When I next meet up with Imani Perry, I am sure I will fan-girl and manage to embarrass myself. She is a powerfully elegant writer whose pen appears to know few limits, embodying the best of the Black-studies tradition.
My dream writing retreat would be led by the novelist Jesmyn Ward. Her memoir, Men We Reaped, snuck up on me and then shook me to the core. Her work has taught me that as writers we are called upon to gaze unflinchingly at the worst that humanity has wrought and then, with words, must render the awful into the painfully beautiful. What knits these writers together for me is their capacity to make me both think and feel deeply.
How do you balance advising students and being productive as a scholar?
Jones: The question of how to balance all the demands of an academic career persist: research, teaching, training students, service and leadership, and public engagement all tug at our thinking and our time. All of my work would be diminished, I’d say, were I to step away from advising new and emerging scholars.
My style is to bring them along with me — literally and figuratively — as I do my work, so we feed one another. And through their work, I discover that which is new and even cutting-edge. Through our exchanges I learn new facets of my own field and the work that lies ahead of me.
At a time when hope is essential — though also in short supply — my work with students fills me with a sure sense of purpose. Their ideas, and the world they will make, are not things that I can foresee. But I’m reassured that my life’s work has meaning when I recognize that our students are already writing the next chapters, as historians and as human beings.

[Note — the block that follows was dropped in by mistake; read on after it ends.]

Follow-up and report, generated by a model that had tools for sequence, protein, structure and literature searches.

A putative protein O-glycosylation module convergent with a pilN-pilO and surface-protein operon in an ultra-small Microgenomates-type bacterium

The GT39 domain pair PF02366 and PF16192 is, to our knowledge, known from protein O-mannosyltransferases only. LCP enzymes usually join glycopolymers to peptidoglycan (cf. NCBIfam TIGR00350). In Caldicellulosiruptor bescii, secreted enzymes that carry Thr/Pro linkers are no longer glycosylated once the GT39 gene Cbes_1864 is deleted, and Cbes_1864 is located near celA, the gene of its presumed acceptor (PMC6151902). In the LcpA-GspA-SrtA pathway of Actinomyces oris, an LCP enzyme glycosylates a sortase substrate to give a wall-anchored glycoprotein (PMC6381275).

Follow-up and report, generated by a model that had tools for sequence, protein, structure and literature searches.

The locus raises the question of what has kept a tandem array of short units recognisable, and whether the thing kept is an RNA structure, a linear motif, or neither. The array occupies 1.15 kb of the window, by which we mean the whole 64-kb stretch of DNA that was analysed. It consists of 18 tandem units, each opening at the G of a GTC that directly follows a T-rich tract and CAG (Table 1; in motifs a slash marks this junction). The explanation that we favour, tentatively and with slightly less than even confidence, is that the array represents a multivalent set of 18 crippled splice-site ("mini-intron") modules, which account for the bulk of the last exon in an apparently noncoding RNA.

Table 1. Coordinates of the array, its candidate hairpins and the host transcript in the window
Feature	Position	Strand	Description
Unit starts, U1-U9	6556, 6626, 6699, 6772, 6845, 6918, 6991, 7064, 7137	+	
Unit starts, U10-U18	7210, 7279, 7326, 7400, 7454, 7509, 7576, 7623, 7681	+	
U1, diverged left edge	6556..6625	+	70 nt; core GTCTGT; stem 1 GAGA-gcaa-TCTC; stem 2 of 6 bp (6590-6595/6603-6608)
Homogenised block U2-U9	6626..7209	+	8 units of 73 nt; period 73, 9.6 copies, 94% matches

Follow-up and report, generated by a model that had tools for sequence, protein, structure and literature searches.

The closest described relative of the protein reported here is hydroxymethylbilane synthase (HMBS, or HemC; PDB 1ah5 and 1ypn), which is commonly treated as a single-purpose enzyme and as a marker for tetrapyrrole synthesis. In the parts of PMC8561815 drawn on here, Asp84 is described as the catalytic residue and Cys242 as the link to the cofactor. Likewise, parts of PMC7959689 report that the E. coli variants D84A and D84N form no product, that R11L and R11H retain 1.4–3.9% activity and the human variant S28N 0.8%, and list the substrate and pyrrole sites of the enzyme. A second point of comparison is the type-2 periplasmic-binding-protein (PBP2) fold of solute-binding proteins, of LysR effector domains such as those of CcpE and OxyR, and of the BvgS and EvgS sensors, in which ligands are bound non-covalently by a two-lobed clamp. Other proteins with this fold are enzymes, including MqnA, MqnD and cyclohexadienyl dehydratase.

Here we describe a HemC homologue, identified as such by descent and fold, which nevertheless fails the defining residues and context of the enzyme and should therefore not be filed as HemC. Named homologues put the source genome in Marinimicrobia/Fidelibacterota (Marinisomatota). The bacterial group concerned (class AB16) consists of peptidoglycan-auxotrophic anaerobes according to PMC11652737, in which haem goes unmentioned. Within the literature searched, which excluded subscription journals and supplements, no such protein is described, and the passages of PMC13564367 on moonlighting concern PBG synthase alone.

Advice about writing?
Jones: Write. Revise. Repeat. In my early career, I mistook speaking for the core of a scholar’s life. Along the way, good mentors kindly chided me for all the words sitting on my hard drive, where they benefited no one at all. My mentors emphasized that the key to changing the debate was putting pen to paper, and then publishing those ideas.
This is certainly true for humanists. I spent 2013-14 as a fellow at the National Humanities Center, where, for the first time in my career, I spent eight straight months at a desk, writing five days a week. That discipline changed me as a writer: I lost my reluctance and fear, and I’ve not looked back.
My advice? Write that which you need to say; you will always be satisfied. Publish for those who need to hear your thoughts; they will read you. Stay close to what truly matters to you; your passion will drive your prose. Honor your own voice, always.
Write. Revise. And then let it go.